A Primer on Religious Discrimination

On April 26, 2018, the Equal Employment Opportunity Commission (EEOC) issued a press release in which it announced that it obtained a $5.1 million verdict on behalf of 10 employees for whom the EEOC was seeking relief in a religious discrimination claim. According to the EEOC, the employees in question “were forced to engage in a variety of religious practices at work, including prayer, religious workshops, and spiritual cleansing rituals.” These practices were part of a belief system called “Harnessing Happiness” or “Onionhead,” which was created by the aunt of the employer’s Chief Executive Officer (CEO). Courts had previously ruled that such practices constituted a religious practice for purposes of Title VII of the Civil Rights Act of 1964 (Title VII).

Title VII makes it “unlawful […] for an employer […] to fail or refuse to hire or to discharge any individual, or otherwise to discriminate against any individual with respect to his compensation, terms, conditions, or privileges of employment, because of such individual’s…religion.” Further, “religion” includes all aspects of religious observance and practice, as well as belief. The prohibitions against religious discrimination protect not only those that belong to traditional or mainstream religions, but also to those who have sincerely held religious, ethical, or moral beliefs. Title VII also requires that “an employer, short of ‘undue hardship’ make ‘reasonable accommodations’ to the religious needs of its employees.” Trans World Airlines, Inc. v. Hardison (1977). To “accommodate” “means […] allowing the [employee] to engage in [the employee’s] religious practice despite the employer’s normal rules to the contrary.” Accommodations may mean making modifications to dress and grooming standards, shift swaps or schedule changes, accommodating prayer during breaks, allowing religious speech at work, and many other forms of accommodation.

A recent decision of the U.S. Court of Appeals for the 10th Circuit (which covers Colorado, Kansas, New Mexico, Oklahoma, Utah and Wyoming), Tabura v. Kellogg USA (10th Cir. 2018), highlights the importance of taking a case-by-case approach when engaging in an interactive dialogue with an employee regarding a reasonable accommodation for a religious belief or practice. In Tabura, an employer (i.e., Kellogg) changed its production schedule in 2011, which required some workers to begin working every other Saturday. Two Seventh-Day Adventist production workers observed their Sabbath (i.e., day of rest) from Friday at sundown to Saturday evening. The new schedule required the employees to work 26 Saturdays per year. Under Kellogg’s absence policy, employees could use vacation and other accrued time off to modify their schedules or they could swap shifts with other employees. However, in this case, the pool of employees who could switch with these production workers was very limited. The plaintiffs did not have enough accrued vacation to cover all the Sabbaths in a year, and both struggled to find coworkers with whom to swap. The two employees then requested further accommodations without success. Both employees were eventually terminated for absences.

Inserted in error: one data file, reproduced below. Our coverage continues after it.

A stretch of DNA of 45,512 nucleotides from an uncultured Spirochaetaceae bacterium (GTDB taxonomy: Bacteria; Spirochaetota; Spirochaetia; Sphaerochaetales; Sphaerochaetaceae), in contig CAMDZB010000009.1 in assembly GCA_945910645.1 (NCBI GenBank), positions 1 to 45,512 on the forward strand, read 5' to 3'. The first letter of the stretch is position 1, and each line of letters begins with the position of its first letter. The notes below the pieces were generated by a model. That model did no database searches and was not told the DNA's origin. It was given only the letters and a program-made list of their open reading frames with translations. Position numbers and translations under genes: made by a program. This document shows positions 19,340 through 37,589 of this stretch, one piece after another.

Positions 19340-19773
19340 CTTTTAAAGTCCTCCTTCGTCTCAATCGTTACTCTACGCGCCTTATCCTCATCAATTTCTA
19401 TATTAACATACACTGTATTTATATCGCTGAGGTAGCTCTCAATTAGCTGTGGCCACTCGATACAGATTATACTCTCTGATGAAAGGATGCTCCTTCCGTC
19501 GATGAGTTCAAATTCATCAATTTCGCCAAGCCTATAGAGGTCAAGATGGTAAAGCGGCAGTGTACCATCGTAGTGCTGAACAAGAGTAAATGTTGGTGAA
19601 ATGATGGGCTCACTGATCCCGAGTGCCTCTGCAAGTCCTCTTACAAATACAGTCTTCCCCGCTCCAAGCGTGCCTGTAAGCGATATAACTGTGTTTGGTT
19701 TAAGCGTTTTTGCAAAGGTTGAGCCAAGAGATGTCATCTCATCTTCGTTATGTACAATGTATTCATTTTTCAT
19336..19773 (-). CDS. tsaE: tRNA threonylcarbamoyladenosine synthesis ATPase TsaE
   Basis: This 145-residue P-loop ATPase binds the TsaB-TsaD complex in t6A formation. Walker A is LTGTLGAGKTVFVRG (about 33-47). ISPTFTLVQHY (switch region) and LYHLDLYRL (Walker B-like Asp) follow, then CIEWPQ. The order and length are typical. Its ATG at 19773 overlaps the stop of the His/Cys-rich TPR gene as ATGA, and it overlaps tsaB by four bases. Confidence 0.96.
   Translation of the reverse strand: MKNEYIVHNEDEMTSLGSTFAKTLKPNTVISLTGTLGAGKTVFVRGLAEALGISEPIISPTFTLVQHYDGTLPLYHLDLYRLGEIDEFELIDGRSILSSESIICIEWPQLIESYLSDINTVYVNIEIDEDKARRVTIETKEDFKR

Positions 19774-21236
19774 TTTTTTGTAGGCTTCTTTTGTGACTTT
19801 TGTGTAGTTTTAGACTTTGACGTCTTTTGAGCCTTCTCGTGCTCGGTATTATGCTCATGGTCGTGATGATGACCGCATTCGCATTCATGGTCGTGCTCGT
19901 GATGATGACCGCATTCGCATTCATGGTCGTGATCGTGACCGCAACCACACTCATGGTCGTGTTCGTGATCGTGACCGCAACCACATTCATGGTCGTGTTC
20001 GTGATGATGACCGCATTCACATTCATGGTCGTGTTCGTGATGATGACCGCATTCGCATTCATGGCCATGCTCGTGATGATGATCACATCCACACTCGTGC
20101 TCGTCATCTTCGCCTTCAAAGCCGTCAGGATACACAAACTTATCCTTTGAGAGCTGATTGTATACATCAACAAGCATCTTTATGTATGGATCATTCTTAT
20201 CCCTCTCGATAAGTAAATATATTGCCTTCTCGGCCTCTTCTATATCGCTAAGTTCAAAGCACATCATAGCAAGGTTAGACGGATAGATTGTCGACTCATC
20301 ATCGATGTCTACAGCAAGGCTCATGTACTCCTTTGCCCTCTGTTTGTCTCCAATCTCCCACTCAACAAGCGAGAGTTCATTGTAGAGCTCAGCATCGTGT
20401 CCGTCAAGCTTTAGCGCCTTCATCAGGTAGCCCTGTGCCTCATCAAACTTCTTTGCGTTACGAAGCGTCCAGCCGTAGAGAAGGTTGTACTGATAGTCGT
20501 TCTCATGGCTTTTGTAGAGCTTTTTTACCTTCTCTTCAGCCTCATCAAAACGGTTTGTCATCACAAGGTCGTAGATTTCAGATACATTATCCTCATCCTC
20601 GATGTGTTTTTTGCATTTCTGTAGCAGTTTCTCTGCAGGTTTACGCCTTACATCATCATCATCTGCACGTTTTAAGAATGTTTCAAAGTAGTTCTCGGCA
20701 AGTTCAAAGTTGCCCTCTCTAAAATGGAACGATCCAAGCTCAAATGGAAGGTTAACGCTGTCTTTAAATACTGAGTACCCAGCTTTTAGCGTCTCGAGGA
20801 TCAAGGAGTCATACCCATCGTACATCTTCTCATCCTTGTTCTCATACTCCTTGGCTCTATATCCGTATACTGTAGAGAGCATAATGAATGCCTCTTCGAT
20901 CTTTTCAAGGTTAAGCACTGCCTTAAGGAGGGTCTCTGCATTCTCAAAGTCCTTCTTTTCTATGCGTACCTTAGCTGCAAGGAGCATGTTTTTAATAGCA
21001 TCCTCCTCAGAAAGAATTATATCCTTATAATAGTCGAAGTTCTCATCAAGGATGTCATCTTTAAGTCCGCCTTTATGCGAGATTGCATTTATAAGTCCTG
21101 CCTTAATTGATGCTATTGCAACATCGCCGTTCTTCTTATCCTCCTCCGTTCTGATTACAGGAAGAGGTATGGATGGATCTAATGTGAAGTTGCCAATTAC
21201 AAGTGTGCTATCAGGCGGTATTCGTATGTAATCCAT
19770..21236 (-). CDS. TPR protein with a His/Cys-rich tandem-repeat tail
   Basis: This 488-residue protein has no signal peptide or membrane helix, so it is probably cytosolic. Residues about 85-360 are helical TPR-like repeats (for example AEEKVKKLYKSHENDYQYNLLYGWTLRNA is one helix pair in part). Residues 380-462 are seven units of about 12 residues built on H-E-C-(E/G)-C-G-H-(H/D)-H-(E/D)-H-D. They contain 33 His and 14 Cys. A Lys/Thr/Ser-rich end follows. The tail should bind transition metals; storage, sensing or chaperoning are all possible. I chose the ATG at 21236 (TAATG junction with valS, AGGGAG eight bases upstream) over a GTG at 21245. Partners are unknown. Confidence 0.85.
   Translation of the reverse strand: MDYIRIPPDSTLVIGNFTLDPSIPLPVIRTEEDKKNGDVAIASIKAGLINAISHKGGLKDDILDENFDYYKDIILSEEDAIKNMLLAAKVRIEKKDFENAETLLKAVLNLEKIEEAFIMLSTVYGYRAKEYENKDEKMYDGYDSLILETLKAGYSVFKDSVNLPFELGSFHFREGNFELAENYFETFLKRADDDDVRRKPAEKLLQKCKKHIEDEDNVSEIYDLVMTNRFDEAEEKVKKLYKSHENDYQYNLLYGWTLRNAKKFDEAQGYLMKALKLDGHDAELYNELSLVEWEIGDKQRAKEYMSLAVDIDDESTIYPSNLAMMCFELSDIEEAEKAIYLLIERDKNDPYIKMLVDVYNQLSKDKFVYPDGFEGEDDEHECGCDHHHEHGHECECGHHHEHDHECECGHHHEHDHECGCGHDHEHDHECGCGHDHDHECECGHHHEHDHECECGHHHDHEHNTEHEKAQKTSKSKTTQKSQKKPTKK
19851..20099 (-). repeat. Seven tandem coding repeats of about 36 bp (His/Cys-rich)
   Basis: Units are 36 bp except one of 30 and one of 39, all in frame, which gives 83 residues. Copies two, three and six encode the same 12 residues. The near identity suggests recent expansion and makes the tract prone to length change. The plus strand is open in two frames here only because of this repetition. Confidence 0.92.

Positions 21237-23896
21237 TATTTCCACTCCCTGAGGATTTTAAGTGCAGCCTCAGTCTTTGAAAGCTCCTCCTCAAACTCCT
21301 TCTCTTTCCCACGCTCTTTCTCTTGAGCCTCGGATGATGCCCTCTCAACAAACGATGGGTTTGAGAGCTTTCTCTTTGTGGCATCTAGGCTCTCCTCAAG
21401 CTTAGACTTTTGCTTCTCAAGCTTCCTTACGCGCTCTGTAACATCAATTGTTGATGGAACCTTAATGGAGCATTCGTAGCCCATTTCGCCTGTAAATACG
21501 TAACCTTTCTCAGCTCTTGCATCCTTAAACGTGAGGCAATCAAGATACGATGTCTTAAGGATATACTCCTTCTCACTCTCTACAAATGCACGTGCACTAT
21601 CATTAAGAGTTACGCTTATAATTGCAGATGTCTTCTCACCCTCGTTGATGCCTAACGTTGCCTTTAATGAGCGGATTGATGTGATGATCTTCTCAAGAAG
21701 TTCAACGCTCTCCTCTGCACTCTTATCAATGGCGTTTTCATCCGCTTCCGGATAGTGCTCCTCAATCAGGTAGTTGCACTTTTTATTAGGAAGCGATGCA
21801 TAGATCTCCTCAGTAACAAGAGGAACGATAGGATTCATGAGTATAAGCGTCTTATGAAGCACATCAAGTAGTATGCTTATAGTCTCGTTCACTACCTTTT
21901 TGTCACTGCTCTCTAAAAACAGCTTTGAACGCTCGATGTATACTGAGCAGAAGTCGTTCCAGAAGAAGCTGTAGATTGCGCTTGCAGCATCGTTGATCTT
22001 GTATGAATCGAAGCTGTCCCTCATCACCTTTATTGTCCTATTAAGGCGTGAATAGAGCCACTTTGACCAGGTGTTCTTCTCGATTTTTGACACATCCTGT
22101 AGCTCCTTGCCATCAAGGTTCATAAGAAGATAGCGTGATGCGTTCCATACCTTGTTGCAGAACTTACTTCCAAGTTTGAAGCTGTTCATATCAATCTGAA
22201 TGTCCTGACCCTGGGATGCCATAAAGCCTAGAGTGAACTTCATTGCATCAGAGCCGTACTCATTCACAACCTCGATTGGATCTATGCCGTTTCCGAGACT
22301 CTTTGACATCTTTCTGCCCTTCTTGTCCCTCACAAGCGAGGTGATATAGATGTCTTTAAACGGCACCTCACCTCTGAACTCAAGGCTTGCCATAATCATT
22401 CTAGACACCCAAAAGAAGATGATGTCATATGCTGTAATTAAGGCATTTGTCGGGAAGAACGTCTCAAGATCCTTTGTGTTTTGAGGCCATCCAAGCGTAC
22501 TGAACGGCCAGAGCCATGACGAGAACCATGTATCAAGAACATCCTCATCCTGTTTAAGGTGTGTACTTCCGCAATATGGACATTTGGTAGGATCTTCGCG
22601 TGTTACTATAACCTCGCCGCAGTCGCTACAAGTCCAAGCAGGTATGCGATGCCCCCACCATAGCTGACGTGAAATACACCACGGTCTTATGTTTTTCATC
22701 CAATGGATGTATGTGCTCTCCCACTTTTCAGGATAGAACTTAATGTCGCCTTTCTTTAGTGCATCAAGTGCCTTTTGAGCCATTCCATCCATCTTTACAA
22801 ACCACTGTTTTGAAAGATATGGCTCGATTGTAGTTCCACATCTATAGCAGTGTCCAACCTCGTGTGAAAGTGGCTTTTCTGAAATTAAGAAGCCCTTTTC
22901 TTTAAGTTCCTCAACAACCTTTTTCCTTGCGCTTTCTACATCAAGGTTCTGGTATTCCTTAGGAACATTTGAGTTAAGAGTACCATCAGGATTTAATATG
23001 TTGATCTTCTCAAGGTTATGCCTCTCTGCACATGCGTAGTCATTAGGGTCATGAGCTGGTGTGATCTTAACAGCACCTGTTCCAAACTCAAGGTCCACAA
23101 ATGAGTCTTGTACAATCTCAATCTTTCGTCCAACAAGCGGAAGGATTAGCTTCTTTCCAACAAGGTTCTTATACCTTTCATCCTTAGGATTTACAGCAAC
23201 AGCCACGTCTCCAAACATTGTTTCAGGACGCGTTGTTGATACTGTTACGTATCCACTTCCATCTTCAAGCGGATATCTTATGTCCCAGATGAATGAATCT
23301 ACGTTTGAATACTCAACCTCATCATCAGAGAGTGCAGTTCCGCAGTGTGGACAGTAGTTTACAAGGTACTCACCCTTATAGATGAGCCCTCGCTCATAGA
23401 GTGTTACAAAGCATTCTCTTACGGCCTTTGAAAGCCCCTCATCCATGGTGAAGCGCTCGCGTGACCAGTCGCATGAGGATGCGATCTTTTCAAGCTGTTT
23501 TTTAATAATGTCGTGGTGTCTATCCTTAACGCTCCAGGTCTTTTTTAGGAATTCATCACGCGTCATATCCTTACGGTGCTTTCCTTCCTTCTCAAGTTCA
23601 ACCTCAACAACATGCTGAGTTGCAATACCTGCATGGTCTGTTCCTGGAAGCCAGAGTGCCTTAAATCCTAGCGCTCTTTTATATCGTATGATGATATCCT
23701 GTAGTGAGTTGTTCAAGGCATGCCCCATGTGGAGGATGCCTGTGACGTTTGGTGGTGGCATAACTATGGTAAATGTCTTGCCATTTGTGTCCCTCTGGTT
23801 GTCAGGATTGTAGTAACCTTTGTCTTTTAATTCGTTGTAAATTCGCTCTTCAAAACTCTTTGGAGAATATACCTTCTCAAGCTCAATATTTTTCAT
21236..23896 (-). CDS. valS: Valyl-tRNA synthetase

The EEOC filed an amicus brief, asserting that the employer’s suggested accommodations were not reasonable. The EEOC also proposed a new standard that proposed religious accommodations should not be considered reasonable unless the accommodations actually work to eliminate the conflict between the employee’s religious practice and the employer’s work requirements. The court rejected the EEOC’s proposed standard, stating that “to be reasonable, an accommodation need not provide a ‘total’ accommodation; that is, Kellogg is not required to guarantee Plaintiffs will never be scheduled for a Saturday shift, nor is Kellogg required to provide an accommodation that spares the employee any cost whatsoever[.]” The 10th Circuit further held that while “an employee is not required to modify his religious beliefs,” “[a] reasonable accommodation need not be on the employee’s terms, only.” In rejecting the EEOC’s standard, the Court stated that the [EEOC’s] rule would read ‘reasonably’ out of the statute.” Instead, an employer’s decision about whether an accommodation is reasonable “must be made on a case-by-case basis, grounded on the specific facts presented by a particular situation.”

Kellogg sought to accommodate the employee’s Sabbath observance through a combination of allowing them to use their vacation and other paid time off, as well as permitting the employees to swap shifts with other employees. In this case, however, even if the employees used all of their vacation and other paid time off, such substitutions would still have been insufficient to avoid working some scheduled Saturdays. Additionally, the universe of employees with whom the plaintiffs could swap shifts was limited. Therefore, the 10th Circuit remanded this case back to the district court, determining that “on the record here, we think a jury could find that, in light of the difficulties on plaintiffs had in arranging shift swaps, Kellogg had to take a more active role in helping arrange swaps in order for that to be a reasonable accommodation.”

If you have questions about accommodating religious beliefs or practices, Employers Council is available to assist you.